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Teacher profile: Ms. Ortiz


All images by Edith Croshaw

Born in the city of Bellflower to a big family, Ms. Ortiz is the fifth of six children. Her parents initially came to the United States from Sinaloa, Mexico, with their three oldest children hoping to provide their family with a better life. She recalls moving throughout California as a child, living in places like Long Beach, Oxnard, and eventually South Gate, where she stayed for quite some time. In fact, Ms. Ortiz graduated from South Gate High School and later worked her first gig as a teacher there in 1997 after attending Cal State LA for her degree. It was awkward working with former teachers but teaching students who shared her experiences as a first-generation child of immigrants made her a respected figure at South Gate, and she treasured her time there.


She was lucky enough to have her sister as a coworker with whom she eventually went on to work at a newly started school, South East High School, due to an increase in students in the area. When she finally made her way to Eagle Rock, she was able to find a sister in Ms. Clark, and the two are now inseparable. Having a friend like that made the transition from South Gate to Eagle Rock substantially easier, as the two environments weren’t alike. One of the first things she noted about Eagle Rock was the lush greenery found both in nature and in our lockers. The quad is one of her favorite parts of our school: the ability for students to play football and picnic was very appealing to her.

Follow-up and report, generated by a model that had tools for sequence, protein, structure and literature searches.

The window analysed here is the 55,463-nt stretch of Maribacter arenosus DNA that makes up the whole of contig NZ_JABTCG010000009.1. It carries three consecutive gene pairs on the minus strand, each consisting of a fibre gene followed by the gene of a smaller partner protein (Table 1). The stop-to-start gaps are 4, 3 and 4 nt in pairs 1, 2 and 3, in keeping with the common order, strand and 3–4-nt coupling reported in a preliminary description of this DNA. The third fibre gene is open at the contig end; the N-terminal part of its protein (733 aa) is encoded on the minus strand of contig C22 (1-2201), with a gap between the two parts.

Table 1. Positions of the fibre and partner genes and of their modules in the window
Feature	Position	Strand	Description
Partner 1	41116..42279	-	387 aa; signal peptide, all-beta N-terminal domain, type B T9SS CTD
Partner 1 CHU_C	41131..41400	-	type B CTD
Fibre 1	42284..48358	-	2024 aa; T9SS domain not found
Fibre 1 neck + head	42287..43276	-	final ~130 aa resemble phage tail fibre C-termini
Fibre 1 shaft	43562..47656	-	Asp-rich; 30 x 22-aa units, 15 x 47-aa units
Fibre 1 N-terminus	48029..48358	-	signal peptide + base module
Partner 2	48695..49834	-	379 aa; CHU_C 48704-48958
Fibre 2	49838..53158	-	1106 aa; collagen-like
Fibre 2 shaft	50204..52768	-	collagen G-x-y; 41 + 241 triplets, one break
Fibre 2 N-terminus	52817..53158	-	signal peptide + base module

Currently teaching 9th grade and IBDP English, Ms. Ortiz’s love for language arts began with her love of classic literature. Authors such as Charles Dickens, John Steinbeck, Shakespeare, and Ralph Ellison compelled her to pass on this knowledge to new generations of students. She feels that texts such as these contain beneficial messages that can impact all of our lives. While the heavy workload of grading essays is not Ms. Ortiz’s preference, she loves it when students share their ideas and interpretations of literature, or when she can offer her support to her students. This more “human” aspect of teaching is her passion. 


Ms Ortiz is an avid reader, runner, and amateur chef. Also a sponsor of Students Run LA, she is currently training for her next marathon. Like most of us, she abhors running. However, it’s the feeling of accomplishment after a run that makes it all worth it. She admits that reading for fun isn’t always possible during the school year simply because there’s no time, but one book that caught her eye was Siddhartha by Herman Hesse; this short book tells a simple yet captivating story about Buddhism and the meaning of life. In terms of her cuisine, Ms. Ortiz loves cooking with her family. She enjoys traditional Mexican food, spending hours in the kitchen making dishes from scratch, no matter how many ingredients there are. Another dish she loves to make is a classic Spaghetti Bolognese. 


In addition to this, Ms. Ortiz loves hiking and traveling. The sounds of nature feed her soul, and she feels refreshed by the peacefulness of it all. In terms of traveling, Ms. Ortiz has done a bunch. Having been to places like New Orleans and Oaxaca, it is on her bucket list to visit France and eat a freshly-made baguette with an accordion playing in the background, at the same time without worrying about calories… wouldn’t we all like that? 


When asked the controversial question of what color the subject English was, she took a more symbolic perspective, saying a deep cranberry red, almost like blood; this represents life and the passionate aspects of English. Additionally, regarding what punctuation mark she felt best represents her, she said an em-dash due to its dramaticness and uniqueness; it’s not like a comma or period, it’s bold, interesting, and informative.


Sometimes, when the world is too overwhelming, Ms. Ortiz will go to the beach and stare at the horizon, realizing how insignificant her issues may be compared to the vastness of the universe. However, when you take Ms. Ortiz’s class, she will instill in you that your voice matters and you have a significant role in this world. She encourages you to think deeply and think big. Ms. Ortiz is a treasured member of our community. If you ever happen to be by room 206, be sure to say hello!

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